I was really inspired on seeing these pieces of porcelain with botanical designs over the weekend which I found in an antique store in Accord, called Downtown. They are examples of brown and white transferware, typically imported from England. However aware you are of any aesthetic, sometimes it takes the interest or passion of someone else like the owner of this store to really trigger a closer look. Ron, the owner is clearly drawn to these ironstone pieces and had such an interesting collection of them in his store it prompted me to ask him if I could take pictures and then return to NYC to research the subject a little more. So I now discover there is wealth of material to discover and explore just in this small area of design, sort of a ceramic counterpart to Toiles which were popular in the same time frame. That time frame is also one which I particularly like myself -the overlapping periods of the Aesthetic and Arts and Crafts movement which I've referenced a lot in the design of this site. The jug is probably newer but the plate is definitely Staffordshire and I particularly like the richness of color and subtle crackled glaze texture of the actual plate- not white but a creamy mocha.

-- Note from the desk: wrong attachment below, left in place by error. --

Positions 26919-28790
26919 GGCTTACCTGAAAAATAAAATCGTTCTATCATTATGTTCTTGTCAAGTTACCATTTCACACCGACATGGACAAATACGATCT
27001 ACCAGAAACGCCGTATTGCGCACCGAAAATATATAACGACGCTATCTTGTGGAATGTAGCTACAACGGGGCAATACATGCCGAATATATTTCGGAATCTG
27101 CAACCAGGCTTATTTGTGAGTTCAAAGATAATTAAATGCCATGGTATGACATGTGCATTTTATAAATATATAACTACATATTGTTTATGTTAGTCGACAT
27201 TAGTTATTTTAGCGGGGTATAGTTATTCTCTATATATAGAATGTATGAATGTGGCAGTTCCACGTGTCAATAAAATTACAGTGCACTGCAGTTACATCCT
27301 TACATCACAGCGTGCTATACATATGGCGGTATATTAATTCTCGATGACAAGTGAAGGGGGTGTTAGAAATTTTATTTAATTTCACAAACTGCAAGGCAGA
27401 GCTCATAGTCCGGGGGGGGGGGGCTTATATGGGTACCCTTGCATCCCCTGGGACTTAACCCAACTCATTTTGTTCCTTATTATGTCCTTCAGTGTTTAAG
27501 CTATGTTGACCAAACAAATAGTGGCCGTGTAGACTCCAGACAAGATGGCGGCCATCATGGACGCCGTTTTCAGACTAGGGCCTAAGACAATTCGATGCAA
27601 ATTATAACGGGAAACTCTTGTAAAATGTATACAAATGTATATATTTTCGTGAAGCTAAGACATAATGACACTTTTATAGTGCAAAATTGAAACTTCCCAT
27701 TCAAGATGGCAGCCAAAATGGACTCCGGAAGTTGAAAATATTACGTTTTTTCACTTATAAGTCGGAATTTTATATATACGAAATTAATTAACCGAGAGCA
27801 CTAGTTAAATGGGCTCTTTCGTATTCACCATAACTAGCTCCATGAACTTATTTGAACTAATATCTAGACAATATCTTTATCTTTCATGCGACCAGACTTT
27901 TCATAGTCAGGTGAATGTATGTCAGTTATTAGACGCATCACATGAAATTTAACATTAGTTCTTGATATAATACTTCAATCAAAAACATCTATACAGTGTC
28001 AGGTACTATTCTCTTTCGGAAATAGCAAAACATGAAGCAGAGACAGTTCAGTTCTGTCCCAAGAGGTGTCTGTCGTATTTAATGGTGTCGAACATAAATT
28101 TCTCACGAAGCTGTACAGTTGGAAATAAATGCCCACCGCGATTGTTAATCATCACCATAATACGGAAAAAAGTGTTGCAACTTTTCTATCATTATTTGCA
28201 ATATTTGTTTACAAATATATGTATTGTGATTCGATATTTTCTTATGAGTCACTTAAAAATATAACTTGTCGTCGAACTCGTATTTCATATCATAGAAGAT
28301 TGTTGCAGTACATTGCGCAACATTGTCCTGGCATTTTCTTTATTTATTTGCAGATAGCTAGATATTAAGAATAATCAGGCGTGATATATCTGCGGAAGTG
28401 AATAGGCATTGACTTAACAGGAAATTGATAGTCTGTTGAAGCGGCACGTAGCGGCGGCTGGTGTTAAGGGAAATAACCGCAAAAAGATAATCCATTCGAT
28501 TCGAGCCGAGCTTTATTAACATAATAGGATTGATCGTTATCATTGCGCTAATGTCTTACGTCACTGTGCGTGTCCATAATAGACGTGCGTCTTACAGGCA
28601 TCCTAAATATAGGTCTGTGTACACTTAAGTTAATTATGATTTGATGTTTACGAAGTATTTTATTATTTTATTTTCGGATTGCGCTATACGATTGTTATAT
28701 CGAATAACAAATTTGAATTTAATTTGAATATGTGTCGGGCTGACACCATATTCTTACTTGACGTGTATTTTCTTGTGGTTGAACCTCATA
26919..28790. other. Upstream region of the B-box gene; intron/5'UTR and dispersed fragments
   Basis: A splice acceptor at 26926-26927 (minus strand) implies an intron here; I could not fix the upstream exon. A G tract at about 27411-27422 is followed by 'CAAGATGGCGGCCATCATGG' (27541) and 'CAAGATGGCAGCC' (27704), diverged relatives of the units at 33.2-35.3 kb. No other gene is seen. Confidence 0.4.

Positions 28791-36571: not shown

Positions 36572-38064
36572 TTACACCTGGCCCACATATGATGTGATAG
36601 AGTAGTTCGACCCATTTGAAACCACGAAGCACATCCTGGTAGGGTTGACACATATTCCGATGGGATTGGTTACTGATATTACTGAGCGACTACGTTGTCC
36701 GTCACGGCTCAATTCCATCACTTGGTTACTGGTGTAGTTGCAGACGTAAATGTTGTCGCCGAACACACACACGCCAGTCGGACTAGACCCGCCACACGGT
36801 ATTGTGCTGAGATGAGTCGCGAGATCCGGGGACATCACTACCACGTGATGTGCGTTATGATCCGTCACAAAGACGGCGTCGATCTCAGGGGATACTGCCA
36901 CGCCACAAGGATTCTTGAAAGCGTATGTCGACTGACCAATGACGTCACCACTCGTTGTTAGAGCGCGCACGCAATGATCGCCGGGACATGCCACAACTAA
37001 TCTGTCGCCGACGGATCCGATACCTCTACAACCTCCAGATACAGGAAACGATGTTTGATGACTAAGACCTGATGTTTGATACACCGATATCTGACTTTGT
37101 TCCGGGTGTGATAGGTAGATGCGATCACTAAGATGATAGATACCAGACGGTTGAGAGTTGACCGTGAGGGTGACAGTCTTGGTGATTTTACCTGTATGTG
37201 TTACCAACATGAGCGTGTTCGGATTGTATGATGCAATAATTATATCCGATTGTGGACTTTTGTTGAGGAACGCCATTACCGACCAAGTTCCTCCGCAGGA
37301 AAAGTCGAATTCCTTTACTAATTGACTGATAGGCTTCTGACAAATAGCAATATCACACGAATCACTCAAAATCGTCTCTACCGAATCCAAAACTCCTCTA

Season's Greetings

From Ulster County. Comfortably ensconced in the beautiful interior of a friend's weekend house in the Catskills, I shot these photographs, most of them from inside the house or the car. The red berries photo the only one taken while wandering the nearby village of High Falls. Now this is the way to enjoy the bleak miseries of winter- cold winds, snow, ice, rain, dead twigs and frozen leaves all rendered poetically in a forgiving rural setting.

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Soundtrack: Angus Stone sings Joni Mitchell's The River from No Man's Woman

Blue, No. 18-3943

The New York Times reported today that Pantone has selected the color of the year for 2008 to be No. 18-3943 AKA Blue Iris.

A beautifully balanced blue-purple...A Multifaceted Hue Reflecting the Complexity of the World that Surrounds Us......Blue Iris brings together the dependable aspect of blue, underscored by a strong, soul-searching purple cast. Emotionally, it is anchoring and meditative with a touch of magic.